12 Great Irish Drives: Coastal Scenery on the Hook Peninsula
by Paul Wilson | 3 min read May 20th, 2019
For summer 2019, we are partnering with the Journal.ie to bring you the 12 Great Irish Drives: the most amazing road trips in the country. Whether it’s with friends, family or by yourself these trips should give you the courage to get in the car and go explore.
This week, Paul Wilson soaks up the coastal scenery on Wexford’s Hook Peninsula, stopping at an 800-year-old lighthouse along the way.
Name: The Ring of Hook – see a full map of the route here.
Where: Co Wexford
The route: A loop along the Hook Peninsula, taking in Hook Lighthouse, the oldest operational lighthouse in the world.
What makes it one of Ireland’s Great Drives? One of the shorter drives on our list, the Ring Of Hook takes in coast, garden and exquisite cuisine. Oh, and they say sweetest strawberries in Ireland grow in these parts.
Photo opportunities: The black and white stripes of Hook Lighthouse make for excellent Insta-worthy snaps, but don’t forget Wexford’s many sandy beaches – Baginbun Bay is a particular highlight.
Journey time:1 hour, approx. Start at Wexford’s Bullring for Tintern Abbey, and Saltmills. Baginbun Bay and Fethard to Hook Head Lighthouse. Loftus Hall to Dollar Bay and back via Ballyhack and Dunbrody.
Hidden gems: Danescastle Fruit Farm in Bannow is worth a stop if you fancy sampling some of the aforementioned strawberries. And while you’re at Hook Lighthouse, be sure to take in the view from the balcony – you’ll be well positioned for whale spotting.
If you’re feeling courageous: Go ghost hunting at Loftus Hall, around 3.5km north of Hook Head, which legend says is haunted after dark.
On a trip around Ireland, the writer Eric Newby described the southeast ‘an embarrassment of riches’. Ready to explore the area yourself? From Wexford’s Bullring, take the R733 for the Hook Head Drive.
The southeast is a land of religion, conquest and rebellion. Co Wexford was one of the earliest areas of Ireland to be Christianised (in the fifth century). Tintern Abbey – one of the first landmarks on your route – was established by monks from the Cistercian Abbey at Tintern in Monmouthshire, Wales.
The nave, chapel and tower are standing, and there are regular 45-minute guided tours of the site.At the outlet of Bannow Bay, an Iron Age salt mill once existed, driven by the power of the sea – hence the name Saltmills.
At Danescastle Fruit Farm, Bannow, stop to sample some of the finest strawberries in Ireland. It’s said the sun shines more in Wexford than the rest of the island and accounts for the sweetness and juiciness of the fruit.
The R734 will take you to Fethard – ‘High Wood’ – and the 15th century Fethard Castle. Winding streets and lanes lead to Holy Trinity Church, the heart of the town’s medieval origins. The rolling breakers of nearby Carnivan Bay is a secret paradise for surfing.
South of here, protected by headlands, Baginbun Bay is a secluded clear sandy beach. Lobster fishermen farm between Hook Head and Rosslare, and the sea is rich with lobster and lobster pots.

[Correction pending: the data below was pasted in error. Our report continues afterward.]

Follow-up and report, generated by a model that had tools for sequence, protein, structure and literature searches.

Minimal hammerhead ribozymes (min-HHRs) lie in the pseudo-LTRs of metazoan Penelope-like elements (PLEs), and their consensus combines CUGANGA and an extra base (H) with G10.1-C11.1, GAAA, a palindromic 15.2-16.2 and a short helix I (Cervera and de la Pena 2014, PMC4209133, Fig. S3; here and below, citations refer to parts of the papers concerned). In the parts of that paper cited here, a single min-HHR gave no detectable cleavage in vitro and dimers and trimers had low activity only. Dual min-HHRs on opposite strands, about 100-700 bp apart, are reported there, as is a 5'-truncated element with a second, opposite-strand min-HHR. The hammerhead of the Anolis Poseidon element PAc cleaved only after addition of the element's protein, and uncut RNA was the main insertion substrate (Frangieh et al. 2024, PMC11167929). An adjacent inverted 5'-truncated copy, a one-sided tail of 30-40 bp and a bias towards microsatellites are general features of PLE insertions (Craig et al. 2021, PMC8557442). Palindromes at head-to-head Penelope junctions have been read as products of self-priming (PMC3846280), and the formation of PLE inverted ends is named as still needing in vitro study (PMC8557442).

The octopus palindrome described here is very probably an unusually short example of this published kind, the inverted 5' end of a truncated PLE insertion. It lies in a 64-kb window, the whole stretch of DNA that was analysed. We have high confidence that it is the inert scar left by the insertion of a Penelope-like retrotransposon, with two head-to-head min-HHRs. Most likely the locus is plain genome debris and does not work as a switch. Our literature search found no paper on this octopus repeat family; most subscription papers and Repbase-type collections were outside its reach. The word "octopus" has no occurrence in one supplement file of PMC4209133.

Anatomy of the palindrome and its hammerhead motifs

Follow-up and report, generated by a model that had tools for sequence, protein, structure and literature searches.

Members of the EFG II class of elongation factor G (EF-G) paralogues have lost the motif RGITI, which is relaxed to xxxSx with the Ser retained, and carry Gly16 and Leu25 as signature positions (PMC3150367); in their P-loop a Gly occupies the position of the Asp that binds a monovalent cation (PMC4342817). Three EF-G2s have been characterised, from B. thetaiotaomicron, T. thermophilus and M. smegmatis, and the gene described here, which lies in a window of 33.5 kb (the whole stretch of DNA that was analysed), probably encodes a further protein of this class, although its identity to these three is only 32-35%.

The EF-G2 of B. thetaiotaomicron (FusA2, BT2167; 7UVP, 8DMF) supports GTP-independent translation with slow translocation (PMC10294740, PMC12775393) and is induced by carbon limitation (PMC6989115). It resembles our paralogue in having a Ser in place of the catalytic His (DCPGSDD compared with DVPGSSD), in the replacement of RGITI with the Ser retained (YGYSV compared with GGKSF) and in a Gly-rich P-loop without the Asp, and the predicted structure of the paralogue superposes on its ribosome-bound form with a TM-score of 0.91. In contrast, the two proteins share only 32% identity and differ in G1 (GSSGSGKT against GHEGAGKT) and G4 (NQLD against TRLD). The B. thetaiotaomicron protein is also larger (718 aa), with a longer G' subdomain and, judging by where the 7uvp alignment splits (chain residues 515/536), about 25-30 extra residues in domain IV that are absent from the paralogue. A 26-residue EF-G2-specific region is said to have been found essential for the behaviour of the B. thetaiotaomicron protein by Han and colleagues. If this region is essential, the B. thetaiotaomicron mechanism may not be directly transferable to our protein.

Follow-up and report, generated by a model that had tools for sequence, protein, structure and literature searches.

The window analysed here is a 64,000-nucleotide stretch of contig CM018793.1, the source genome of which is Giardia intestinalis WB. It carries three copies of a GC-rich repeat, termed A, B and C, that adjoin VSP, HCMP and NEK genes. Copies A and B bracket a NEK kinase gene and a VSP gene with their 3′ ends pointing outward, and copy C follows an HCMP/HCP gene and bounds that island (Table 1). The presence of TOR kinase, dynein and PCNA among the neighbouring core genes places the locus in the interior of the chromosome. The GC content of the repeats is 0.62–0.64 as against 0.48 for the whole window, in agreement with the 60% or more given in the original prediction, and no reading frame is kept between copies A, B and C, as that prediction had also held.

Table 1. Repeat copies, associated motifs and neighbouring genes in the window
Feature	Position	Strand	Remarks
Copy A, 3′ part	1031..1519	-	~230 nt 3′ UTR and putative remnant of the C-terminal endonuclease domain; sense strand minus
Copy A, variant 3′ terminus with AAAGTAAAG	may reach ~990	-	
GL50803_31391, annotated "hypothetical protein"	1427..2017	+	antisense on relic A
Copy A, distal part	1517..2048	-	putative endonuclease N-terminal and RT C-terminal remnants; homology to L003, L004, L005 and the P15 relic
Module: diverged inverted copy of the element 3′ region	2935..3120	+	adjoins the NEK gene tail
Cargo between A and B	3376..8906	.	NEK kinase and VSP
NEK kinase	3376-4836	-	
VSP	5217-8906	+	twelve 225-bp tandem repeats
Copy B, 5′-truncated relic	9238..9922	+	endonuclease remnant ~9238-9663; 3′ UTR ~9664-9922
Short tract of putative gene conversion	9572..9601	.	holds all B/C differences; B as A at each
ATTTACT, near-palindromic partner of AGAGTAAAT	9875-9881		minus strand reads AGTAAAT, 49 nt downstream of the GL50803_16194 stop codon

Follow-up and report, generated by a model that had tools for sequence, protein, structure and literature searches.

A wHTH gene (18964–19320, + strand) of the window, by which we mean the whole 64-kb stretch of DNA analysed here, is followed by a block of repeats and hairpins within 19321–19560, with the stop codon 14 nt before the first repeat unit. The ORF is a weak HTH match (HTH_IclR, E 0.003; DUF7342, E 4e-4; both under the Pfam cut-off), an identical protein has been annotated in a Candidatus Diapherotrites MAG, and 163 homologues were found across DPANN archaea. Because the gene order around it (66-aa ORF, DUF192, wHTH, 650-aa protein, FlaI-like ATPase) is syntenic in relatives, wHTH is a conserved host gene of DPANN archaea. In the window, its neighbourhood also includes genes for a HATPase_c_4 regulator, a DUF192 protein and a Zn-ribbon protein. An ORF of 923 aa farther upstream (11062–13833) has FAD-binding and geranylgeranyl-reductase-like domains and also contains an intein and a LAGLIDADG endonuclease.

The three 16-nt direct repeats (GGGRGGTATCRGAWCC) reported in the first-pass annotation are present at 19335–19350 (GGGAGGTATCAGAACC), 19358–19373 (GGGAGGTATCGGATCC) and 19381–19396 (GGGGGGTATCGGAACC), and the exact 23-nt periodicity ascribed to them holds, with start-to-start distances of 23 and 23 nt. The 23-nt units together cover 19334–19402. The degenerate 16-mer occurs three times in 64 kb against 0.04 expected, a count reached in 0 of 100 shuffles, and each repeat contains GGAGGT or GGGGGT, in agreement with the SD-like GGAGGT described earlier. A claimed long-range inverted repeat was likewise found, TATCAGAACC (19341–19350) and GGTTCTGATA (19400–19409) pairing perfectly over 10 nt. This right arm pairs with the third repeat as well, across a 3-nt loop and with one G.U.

At the tip of the peninsula, you’ll find Hook Lighthouse, the world’s oldest operational lighthouse. An 800-year-old medieval construction, 115 steps lead to the top for breathtaking views over the sea.
It’s no longer manned – automation arrived in 1996 – but there’s a visitors’ centre and regular guided tours. The view from the red balcony makes this one of Ireland’s favourite attractions: every year, Humpback, Fin and Minke whales return to feast on herring shoals.
Head back north on the peninsula’s western side. The R737 joins the R734 just beyond Loftus Hall. It’s a troubled place –this paranormal hotspot is said to have been haunted by the devil himself. Intrepid ghost hunters can enjoy a ‘paranormal lockdown’, should the spirit take them.
Between low hills at the end of a secluded lane, Dollar Bay is a quiet cove where Spanish gold was said to have been buried in 1700s by pirates.
If you’re looking for a slap-up lunch, Dunbrody Country House has a world-renowned gourmet restaurant and 300 acres of parkland to stroll around in.
A few kms north is Dunbrody Abbey and Castle, where an engraved plate from 1832 shows the Abbey bathed in sunlight glancing through scudding clouds. The Dunbrody Famine Ship is a replica of the SS Dunbrody ‘coffin ship’ that took famine refugees to America and Canada.
A detour north on the R733 is the John F Kennedy Arboretum, with 622 acres of 4,500 types of tree and shrub, forest plots, rhododendron and conifer. A panoramic road leads to the summit of Slievecoiltia, with views over the peninsula.
A few kilometres further is Barrow Bridge, Cumar na dTrí Uisce, or ‘the confluence of the three waters’. That’s where the Three Sisters – rivers Barrow, Nore and Suir, meet.
The N25 will take you back to Wexford and the Irish National Heritage Park, an open-air museum of human settlement in Ireland up to the Norman Invasion.
Information correct as of date of publishing. This blog will not be updated or edited so the information may become outdated.